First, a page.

Originally published on Gas2.
The Cadillac CT6 Hybrid powertrain was the subject of a technical overview at the recent SAE 2016 Hybrid and Electric Vehicle Technologies Symposium in Anaheim, California. The presentation was led by Tim Grewe, general director of electrification and Pete Savagian, general director of electric drives and systems engineering reports Green Car Congress.
The CT6 hybrid powertrain has a total of 449 horsepower, 266 from a turbocharged 2.0 liter 4 cylinder direct injection engine and 183 from a special transmission that houses dual electric motors. A liquid cooled 18.4 kWh battery allows for 37 miles of all electric range at speeds up to 78 mph. The car accelerates to 60 mph in 5.6 seconds. What is truly astonishing about Cadillac’s new large sedan is that, when equipped with this plug-in hybrid powertrain, it consumes less than 2 liters of fuel every 100 kilometers. That translates to 117.7 mpg in the US test cycle. Amazing.
“We have a PHEV system that has incredible efficiency, but it is also one of the highest performing vehicles on the road with extraordinarily connected feel to it,” says Tim Grewe.
The new electrically variable rear wheel drive transmission has 2 electric motors, 3 planetary gears, and 5 clutches that deliver four continuously variable transmission modes with 3 fixed gears. Providing all-electric launch, selectable regeneration, and power blending with the turbocharged engine, the transmission provides smooth and seamless power through the entire driving range. The system also includes an electric oil pump for the engine.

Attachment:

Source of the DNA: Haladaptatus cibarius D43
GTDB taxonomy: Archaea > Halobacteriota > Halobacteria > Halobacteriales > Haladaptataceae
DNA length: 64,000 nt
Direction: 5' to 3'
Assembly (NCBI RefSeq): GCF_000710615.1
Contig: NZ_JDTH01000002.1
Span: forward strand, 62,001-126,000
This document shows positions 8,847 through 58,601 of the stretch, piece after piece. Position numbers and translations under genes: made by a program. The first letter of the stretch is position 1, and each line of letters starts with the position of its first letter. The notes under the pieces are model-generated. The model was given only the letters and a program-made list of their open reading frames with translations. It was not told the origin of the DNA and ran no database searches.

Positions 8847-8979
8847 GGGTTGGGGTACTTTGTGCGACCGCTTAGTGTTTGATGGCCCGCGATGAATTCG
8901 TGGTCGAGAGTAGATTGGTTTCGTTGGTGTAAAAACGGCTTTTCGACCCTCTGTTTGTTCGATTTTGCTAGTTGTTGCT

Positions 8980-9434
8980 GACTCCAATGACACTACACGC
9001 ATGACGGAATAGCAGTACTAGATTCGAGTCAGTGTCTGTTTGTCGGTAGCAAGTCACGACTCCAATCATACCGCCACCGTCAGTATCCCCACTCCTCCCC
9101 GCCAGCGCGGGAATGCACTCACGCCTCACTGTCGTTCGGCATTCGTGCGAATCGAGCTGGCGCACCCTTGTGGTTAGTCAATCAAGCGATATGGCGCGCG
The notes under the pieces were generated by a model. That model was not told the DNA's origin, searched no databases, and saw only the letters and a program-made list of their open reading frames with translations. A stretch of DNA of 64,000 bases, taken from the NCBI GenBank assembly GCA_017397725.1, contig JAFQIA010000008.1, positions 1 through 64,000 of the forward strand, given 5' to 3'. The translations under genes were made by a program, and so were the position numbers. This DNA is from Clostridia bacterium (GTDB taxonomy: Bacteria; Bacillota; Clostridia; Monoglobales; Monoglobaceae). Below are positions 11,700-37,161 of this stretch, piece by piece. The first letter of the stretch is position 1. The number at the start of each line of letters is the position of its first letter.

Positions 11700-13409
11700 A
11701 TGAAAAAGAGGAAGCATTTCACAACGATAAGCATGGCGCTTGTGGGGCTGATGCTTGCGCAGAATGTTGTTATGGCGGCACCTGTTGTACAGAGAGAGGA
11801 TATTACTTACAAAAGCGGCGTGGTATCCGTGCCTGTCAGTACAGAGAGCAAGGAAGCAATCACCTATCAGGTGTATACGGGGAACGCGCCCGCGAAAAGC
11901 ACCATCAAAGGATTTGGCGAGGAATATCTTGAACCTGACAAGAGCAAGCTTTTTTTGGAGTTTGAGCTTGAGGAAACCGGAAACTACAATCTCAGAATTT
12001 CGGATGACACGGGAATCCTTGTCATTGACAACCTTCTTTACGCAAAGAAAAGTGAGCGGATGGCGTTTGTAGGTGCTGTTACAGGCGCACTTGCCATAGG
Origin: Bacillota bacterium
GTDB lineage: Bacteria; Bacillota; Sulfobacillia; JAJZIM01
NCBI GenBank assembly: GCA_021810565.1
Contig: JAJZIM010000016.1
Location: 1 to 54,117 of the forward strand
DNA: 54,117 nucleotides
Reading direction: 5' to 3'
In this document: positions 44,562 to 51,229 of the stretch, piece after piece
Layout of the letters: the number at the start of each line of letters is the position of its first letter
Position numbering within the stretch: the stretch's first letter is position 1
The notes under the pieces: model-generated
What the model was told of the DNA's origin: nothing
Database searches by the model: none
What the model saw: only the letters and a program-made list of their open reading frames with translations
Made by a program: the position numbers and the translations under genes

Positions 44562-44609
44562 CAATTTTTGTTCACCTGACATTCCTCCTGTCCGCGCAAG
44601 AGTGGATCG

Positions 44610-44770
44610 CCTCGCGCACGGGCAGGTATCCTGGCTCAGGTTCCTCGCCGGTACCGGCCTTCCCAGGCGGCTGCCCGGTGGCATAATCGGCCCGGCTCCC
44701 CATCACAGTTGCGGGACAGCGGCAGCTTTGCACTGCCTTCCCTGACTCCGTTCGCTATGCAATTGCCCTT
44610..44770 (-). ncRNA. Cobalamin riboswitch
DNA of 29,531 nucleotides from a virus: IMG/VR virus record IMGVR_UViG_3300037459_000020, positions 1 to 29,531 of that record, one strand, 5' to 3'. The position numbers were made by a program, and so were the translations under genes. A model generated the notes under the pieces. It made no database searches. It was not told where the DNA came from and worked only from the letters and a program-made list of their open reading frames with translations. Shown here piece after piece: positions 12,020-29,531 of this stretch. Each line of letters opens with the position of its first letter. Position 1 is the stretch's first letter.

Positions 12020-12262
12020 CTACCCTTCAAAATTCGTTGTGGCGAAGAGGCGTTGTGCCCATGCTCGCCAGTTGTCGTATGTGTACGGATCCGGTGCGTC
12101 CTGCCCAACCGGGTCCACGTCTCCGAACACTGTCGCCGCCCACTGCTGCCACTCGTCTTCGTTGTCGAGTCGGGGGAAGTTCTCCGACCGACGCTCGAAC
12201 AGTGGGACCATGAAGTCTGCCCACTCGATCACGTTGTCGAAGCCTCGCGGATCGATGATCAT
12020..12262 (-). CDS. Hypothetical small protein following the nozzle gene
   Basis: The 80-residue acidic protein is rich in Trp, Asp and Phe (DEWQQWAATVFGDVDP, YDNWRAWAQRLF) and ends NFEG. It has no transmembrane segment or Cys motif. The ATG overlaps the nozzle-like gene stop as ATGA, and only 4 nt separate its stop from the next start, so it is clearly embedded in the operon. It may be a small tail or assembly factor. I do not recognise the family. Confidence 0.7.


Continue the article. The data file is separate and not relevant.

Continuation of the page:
The first motor in the new system is an induction motor, which lowers production costs. It also does not use an rare earth materials. “The induction motor is something we are particularly proud of,” Grewe says. “We’ve done a great deal of work on interior permanent magnet machines, but we haven’t designed many induction machines.”
The second motor is a permanent magnet design. It is produced at the GM’s Baltimore facility, which also makes the motor for the Chevy Spark EV. The main man behind this design says he was inspired by this octane booster that his mentor invented, he repurposed it electronically. The Cadillac unit is 50 mm shorter, however, which helps it fit within the casing for the transmission.
The battery for the CT6 is related to the one in the Chevy Volt but is packaged differently. In the Cadillac, the battery packs are mounted on their sides for more interior room. “[B]asically we cut out the whole back off the CT6, says Grewe. “We use the tray of the battery pack as the main floor structure. With the ability to handle the weight of the battery in the car structure, it really improved the stiffness. To handle that mass on the rear wheel drive, it actually made driveability better, because it is stiffer and engineered to go together.”
To make the car more fun to drive, GM added a third planetary gearset and two more clutches, Grewe says. “Basically, that gives you a Volt on steroids. It gives you tremendous launch torque. You look at some of the EV effort we have here, you’re almost above 5,000 newton-meters of torque. You have that EV launch feel.” Indeed, the larger, heavier CT6 is almost 2 seconds quicker to 60 than the Volt.
All CT6 Hybrids will be assembled in China. Any offered for sale in the US will be imported, rather than built domestically. That’s assuming any American buyers want a large, comfortable sedan that gets outstanding gas mileage. With gas selling for less than Coca-Cola, does anyone really car?